WHAT ARE NEW JERSEY AFFIDAVITS?
In New Jersey court, a New Jersey court affidavit is a statement signed by a person that states that they are swearing that the information contained in the affidavit (or in an attachment to the affidavit, such as New Jersey court interrogatory answers) is truthful. A New Jersey court affidavit is notarized by a notary public of the State of New Jersey.

WHAT ARE NEW JERSEY CERTIFICATIONS?
In New Jersey court, a New Jersey certification is a statement signed by a person that states that they are swearing that the information contained in the certification (or in an attachment to the certification, such as New Jersey court interrogatory answers) is truthful. Unlike New Jersey affidavits, certifications are not notarized by a notary public of the state of New Jersey.

WHAT IF A NEW JERSEY INTERROGATORY QUESTION ASKS FOR NEW JERSEY EXPERT WITNESS INFORMATION?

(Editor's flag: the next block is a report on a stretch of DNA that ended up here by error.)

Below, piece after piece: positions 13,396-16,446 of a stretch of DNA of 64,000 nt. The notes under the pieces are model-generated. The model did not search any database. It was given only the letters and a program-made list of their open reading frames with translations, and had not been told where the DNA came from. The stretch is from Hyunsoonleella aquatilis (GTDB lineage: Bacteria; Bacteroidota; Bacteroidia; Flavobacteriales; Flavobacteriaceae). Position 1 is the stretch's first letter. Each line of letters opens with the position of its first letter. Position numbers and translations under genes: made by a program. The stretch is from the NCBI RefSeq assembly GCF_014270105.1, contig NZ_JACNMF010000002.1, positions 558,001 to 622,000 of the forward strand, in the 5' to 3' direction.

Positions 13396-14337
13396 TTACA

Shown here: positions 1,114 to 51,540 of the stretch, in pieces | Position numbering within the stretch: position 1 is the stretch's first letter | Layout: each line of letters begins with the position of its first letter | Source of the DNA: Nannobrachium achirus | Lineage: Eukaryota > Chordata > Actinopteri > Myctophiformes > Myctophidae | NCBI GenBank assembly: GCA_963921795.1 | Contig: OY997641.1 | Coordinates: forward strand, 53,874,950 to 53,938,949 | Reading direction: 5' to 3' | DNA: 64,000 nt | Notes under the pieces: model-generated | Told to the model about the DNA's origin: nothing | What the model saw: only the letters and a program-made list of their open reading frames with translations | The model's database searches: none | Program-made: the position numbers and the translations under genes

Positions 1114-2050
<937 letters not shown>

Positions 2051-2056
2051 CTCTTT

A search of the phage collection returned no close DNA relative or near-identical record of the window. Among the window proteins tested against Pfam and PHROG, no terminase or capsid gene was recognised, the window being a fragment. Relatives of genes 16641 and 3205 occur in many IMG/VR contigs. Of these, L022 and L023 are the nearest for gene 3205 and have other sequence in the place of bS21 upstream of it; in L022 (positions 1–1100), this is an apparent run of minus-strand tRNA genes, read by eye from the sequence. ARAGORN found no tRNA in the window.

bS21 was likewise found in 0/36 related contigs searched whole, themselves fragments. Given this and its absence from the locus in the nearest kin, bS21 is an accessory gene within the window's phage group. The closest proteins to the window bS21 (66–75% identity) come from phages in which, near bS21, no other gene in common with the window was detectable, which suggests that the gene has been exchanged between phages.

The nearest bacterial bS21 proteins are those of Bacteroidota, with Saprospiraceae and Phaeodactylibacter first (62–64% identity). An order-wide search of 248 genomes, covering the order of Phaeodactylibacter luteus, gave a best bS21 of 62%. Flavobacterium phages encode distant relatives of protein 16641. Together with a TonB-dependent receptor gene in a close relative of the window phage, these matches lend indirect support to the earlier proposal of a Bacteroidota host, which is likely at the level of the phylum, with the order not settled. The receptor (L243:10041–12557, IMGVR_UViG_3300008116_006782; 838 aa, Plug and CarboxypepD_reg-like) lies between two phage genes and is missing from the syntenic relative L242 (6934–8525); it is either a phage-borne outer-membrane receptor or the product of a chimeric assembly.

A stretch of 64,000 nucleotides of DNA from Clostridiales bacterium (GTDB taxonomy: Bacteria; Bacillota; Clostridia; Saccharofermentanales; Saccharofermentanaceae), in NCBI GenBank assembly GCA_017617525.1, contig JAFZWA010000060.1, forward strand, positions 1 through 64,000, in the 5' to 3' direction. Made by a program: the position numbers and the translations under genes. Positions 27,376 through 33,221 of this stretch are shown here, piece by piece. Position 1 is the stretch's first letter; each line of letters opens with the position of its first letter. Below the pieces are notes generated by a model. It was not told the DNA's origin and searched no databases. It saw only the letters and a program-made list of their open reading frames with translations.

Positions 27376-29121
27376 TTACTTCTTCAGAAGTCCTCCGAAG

The New Jersey plaintiff or New Jersey defendant may through interrogatories require any other party to disclose the names and addresses of each person whom the other party expects to call at trial as an expert witness, including a treating physician who is expected to testify and, whether or not expected to testify, of an expert who has conducted an examination pursuant to the New Jersey Court Rules or to whom the New Jersey plaintiff or New Jersey defendant making a claim for personal injury has voluntarily submitted for examination without court order. The interrogatories may also require, as provided by the New Jersey Court Rules, the furnishing of a copy of that person's report. Discovery of communications between an attorney and any expert retained or specially employed by that attorney is limited to facts and data considered by the expert in rendering the report. Except as otherwise expressly provided by the New Jersey Court Rules, all other communications between counsel and the expert constituting the collaborative process in preparation of the report, including all preliminary or draft reports produced during this process, shall be deemed trial preparation materials discoverable only as provided in the New Jersey Court Rules. If a New Jersey interrogatory requires a copy of the New Jersey expert report of an New Jersey expert witness or New Jersey treating or examining physician as set forth in the New Jersey Court Rules, the New Jersey answering New Jersey plaintiff or New Jersey defendant shall annex to the New Jersey interrogatory question an exact copy of the entire New Jersey expert report or reports rendered by the New Jersey expert witness or physician. The New Jersey expert report shall contain a complete statement of that persons opinions and the basis therefor; the facts and data considered in forming the opinions; the qualifications of the New Jersey witness, including a list of all publications authored by the New Jersey witness within the preceding ten years; and whether compensation has been or is to be paid for the New Jersey expert report and testimony and, if so, the terms of the compensation. If the New Jersey answer to an interrogatory requesting the name and report of the New Jersey plaintiff or New Jersey defendant's New Jersey expert witness or treating physician indicates that the same will be supplied thereafter, the New Jersey plaintiff or New Jersey defendant serving the interrogatory questions may, on notice, move for a New Jersey court order of the New Jersey court fixing a day certain for the furnishing of that information by the New Jersey answering party. Such order may further provide that an New Jersey expert witness or treating physician whose name or report is not so furnished shall not be permitted to testify at trial. Except as herein provided, the communications between counsel and New Jersey expert witness deemed New Jersey trial preparation materials pursuant to the New Jersey court rules may not be inquired into.